This two-day discussion brought together experts and scholars from Bangladesh, مصر, India,اندونزی, Kenya, مالزی, پاکستان, the Philippines, Sudan and Sri Lanka representing academia,non-governmental organizations and think tanks. Among the participants were a number of former government officials and one sitting legislator. The participants were also chosen to comprise abroad spectrum of ideologies, including the religious and the secular, cultural, political andeconomic conservatives, liberals and radicals.The following themes characterized the discussion:1. Western and US (Mis)Understanding There is a fundamental failure by the West to understand the rich variety of intellectual currents andcross-currents in the Muslim world and in Islamic thought. What is underway in the Muslim worldis not a simple opposition to the West based on grievance (though grievances there also are), but are newal of thought and culture and an aspiration to seek development and to modernize withoutlosing their identity. This takes diverse forms, and cannot be understood in simple terms. There is particular resentment towards Western attempts to define the parameters of legitimate Islamicdiscourse. There is a sense that Islam suffers from gross over generalization, from its champions asmuch as from its detractors. It is strongly urged that in order to understand the nature of the Muslim renaissance, the West should study all intellectual elements within Muslim societies, and not only professedly Islamic discourse.US policy in the aftermath of 9/11 has had several effects. It has led to a hardening andradicalization on both sides of the Western-Muslim encounter. It has led to mutual broad brush(mis)characterization of the other and its intentions. It has contributed to a sense of pan-Islamicsolidarity unprecedented since the end of the Khilafat after World War I. It has also produced adegeneration of US policy, and a diminution of US power, influence and credibility. Finally, theUS’ dualistic opposition of terror and its national interests has made the former an appealing instrument for those intent on resistance to the West.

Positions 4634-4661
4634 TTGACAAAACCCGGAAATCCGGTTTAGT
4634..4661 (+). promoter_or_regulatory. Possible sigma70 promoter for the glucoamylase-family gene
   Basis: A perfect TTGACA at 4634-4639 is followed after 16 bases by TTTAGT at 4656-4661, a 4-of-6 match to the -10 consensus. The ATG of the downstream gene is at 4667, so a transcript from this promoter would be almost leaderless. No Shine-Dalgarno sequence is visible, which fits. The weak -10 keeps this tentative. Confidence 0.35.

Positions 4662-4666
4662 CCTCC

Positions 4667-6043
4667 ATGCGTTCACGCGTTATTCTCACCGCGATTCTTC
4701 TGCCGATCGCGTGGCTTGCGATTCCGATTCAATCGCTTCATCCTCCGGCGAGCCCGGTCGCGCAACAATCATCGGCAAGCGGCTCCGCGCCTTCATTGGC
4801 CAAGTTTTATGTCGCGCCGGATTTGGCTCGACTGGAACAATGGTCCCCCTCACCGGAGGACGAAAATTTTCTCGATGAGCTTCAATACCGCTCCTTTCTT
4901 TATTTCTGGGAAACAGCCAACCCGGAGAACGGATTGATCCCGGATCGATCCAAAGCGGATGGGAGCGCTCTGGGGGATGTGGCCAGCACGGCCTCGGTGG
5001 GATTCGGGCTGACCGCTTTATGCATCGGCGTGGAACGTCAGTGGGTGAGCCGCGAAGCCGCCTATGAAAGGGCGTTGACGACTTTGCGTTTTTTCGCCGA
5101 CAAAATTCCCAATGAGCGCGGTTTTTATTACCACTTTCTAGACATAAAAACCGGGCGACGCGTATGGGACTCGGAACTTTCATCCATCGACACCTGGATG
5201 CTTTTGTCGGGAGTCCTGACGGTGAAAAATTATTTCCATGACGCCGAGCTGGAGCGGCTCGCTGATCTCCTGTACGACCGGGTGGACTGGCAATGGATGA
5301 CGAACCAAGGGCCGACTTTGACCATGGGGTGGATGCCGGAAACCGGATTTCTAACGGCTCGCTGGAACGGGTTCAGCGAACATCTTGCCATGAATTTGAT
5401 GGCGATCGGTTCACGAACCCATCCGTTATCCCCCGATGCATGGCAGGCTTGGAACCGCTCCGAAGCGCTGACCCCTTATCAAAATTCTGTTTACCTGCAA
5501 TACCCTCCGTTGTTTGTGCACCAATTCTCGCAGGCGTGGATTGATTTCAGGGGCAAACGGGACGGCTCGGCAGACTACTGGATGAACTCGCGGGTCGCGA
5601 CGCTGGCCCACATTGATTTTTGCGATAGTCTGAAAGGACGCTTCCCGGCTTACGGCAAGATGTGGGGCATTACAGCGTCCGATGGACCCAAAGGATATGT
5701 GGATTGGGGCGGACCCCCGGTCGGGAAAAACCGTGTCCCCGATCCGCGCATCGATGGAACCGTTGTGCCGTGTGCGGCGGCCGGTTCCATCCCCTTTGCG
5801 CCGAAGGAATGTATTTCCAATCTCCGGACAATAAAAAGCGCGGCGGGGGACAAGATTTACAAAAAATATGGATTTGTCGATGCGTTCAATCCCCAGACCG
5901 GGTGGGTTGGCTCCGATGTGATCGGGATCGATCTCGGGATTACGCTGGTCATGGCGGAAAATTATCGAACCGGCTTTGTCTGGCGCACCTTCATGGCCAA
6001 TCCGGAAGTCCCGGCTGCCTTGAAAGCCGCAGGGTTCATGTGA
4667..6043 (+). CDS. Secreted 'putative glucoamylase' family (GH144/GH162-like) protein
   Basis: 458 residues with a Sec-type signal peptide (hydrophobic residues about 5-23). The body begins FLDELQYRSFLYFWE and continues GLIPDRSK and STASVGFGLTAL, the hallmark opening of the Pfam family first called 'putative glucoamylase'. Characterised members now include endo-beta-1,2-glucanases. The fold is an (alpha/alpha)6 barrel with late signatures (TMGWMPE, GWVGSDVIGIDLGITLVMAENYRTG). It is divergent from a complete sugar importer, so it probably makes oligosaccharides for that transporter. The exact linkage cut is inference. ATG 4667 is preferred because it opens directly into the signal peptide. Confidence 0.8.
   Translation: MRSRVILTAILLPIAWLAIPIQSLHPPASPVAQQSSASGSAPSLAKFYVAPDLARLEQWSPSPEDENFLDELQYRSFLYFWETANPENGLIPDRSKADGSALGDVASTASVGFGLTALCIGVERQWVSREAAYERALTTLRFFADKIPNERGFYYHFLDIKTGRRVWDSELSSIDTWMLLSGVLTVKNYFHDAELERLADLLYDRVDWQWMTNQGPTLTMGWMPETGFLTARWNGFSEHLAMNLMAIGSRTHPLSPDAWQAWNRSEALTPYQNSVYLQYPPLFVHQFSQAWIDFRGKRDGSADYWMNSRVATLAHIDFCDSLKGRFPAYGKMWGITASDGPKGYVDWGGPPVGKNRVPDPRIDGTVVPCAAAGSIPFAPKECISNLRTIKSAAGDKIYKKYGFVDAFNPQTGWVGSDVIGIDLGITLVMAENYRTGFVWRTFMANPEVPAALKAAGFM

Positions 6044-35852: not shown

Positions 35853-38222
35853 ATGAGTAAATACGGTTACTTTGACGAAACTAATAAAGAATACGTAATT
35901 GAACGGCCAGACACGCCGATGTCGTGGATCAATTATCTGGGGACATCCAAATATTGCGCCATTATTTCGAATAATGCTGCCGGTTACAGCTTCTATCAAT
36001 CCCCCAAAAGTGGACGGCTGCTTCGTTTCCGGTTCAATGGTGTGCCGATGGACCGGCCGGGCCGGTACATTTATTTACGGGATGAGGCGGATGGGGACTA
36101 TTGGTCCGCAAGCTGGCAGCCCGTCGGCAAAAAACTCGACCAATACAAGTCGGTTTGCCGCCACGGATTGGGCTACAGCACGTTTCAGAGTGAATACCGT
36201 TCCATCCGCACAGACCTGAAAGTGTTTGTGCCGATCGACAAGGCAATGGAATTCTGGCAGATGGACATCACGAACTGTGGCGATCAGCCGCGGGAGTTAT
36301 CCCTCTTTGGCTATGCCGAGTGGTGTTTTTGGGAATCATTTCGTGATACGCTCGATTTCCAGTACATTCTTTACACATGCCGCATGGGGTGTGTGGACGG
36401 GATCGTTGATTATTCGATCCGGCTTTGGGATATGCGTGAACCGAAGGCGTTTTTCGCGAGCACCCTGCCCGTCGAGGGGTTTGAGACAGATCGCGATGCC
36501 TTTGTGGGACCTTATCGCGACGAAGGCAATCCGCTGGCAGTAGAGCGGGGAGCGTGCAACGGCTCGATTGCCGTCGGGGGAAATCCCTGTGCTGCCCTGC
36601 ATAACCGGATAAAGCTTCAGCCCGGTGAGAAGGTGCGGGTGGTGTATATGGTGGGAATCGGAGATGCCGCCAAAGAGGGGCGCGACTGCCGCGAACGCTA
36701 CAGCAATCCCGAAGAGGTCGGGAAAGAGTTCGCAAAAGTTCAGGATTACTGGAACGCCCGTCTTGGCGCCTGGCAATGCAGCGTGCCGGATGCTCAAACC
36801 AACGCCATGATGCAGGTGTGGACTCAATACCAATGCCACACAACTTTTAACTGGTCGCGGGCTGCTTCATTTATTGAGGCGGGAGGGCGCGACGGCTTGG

مصر: پیشینه و ایالات متحده. روابط